Walkway at Cambridge University Botanic Garden.
Image: Bob O'Hara, 23 April 2009 [larger view].
According to the photographer, the director led them on a tour of the gardens. He said it was laid out by one of Darwin's mentors to show the variation in the plants. Apparently, the trees were paired up to show morphological variation by Henslow, the man who recommended that Darwin accompany the captain on the Beagle's famous voyage. The director of the gardens was really pleased to have worked this out: it ties in with Darwin's intellectual development.
Yes, the gardens are lovely. It's just a shame that I hadn't realised they were there until a few weeks ago - I'm graduating on Saturday. Bummer!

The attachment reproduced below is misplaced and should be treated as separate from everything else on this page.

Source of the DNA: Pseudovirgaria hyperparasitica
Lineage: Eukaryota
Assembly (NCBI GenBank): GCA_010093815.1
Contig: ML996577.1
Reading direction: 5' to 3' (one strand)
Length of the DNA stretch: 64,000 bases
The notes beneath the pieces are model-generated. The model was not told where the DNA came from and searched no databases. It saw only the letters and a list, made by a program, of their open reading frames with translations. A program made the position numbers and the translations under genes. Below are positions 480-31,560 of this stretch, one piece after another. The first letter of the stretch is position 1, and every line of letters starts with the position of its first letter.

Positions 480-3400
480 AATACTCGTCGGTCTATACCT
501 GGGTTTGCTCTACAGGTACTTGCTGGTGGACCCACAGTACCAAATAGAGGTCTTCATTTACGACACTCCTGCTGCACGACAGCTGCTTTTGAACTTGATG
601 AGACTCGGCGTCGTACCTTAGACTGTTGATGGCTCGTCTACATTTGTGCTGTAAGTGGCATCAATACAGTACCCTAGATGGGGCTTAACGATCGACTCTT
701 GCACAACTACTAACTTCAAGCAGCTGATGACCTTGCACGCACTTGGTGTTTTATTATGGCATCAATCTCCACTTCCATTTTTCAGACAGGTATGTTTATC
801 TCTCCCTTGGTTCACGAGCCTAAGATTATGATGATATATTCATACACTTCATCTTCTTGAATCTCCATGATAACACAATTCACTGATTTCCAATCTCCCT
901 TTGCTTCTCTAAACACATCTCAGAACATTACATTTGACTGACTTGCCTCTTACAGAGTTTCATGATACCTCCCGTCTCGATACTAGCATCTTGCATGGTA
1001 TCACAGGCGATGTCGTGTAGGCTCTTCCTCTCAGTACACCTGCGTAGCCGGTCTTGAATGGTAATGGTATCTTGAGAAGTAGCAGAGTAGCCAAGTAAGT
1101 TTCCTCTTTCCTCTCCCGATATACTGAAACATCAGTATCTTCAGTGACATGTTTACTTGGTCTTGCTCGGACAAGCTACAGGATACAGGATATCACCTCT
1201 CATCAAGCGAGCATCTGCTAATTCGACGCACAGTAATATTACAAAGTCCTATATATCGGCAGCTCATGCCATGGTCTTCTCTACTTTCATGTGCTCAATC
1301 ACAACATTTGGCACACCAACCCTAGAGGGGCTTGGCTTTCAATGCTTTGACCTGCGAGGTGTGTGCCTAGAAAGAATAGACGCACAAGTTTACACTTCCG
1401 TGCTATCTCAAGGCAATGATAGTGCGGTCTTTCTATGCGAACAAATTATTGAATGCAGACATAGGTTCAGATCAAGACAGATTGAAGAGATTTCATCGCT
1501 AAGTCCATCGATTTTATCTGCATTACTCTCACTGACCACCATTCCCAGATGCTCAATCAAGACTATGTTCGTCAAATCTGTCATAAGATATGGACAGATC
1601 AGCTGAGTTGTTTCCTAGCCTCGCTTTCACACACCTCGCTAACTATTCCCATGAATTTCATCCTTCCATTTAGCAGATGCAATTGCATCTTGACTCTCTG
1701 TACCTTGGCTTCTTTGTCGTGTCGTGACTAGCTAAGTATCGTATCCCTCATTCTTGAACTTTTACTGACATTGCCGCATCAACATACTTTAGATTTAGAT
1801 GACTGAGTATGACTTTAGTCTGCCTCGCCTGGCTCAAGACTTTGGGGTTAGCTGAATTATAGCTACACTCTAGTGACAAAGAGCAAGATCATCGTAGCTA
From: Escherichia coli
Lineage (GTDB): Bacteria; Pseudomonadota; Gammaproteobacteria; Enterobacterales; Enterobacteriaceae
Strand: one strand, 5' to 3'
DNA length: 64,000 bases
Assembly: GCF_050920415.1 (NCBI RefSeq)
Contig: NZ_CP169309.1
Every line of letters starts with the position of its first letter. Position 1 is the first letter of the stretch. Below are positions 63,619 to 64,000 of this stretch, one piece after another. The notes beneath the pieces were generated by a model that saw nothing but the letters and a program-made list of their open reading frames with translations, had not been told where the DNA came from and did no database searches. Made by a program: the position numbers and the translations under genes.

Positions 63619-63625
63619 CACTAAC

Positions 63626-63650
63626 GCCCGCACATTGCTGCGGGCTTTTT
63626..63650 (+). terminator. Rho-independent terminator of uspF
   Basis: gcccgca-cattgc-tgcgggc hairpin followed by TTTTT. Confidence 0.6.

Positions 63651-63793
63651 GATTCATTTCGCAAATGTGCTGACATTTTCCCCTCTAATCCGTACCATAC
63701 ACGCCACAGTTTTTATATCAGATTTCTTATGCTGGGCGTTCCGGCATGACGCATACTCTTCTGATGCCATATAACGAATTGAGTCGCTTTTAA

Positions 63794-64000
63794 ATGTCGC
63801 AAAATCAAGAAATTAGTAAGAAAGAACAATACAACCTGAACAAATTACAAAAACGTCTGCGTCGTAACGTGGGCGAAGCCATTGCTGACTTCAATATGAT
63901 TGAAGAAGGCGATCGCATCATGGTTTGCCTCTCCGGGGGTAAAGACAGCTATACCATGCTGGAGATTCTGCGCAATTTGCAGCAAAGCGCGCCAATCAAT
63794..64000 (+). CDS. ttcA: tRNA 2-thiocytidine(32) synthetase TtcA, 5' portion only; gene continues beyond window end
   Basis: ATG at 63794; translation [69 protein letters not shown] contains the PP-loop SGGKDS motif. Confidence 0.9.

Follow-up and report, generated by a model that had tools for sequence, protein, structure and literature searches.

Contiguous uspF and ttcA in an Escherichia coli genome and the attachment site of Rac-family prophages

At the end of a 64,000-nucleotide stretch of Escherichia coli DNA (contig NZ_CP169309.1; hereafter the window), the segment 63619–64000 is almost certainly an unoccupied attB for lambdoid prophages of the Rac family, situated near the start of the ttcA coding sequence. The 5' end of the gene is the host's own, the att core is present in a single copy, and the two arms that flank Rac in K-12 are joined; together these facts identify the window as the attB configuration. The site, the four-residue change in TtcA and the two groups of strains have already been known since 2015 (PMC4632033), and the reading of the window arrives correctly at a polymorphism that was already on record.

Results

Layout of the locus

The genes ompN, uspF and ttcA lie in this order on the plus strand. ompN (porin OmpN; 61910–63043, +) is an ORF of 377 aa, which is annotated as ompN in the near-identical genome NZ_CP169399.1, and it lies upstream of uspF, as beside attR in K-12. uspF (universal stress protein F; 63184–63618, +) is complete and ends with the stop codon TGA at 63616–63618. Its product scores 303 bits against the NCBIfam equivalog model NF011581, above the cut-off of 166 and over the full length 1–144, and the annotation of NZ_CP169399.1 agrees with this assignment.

If you're interested in the connection with Darwin, the Fitzwilliam museum in Cambridge has a wonderful exhibit on at the moment: better-funded museums around the world have borrowed Cambridge University's large collection of Darwin's stuff, so the exhibit focuses on the art and the people that influenced his thinking, as well as the effects that his ideas had on his contemporaries. I just went to see it today and it was a wonderfully different perspective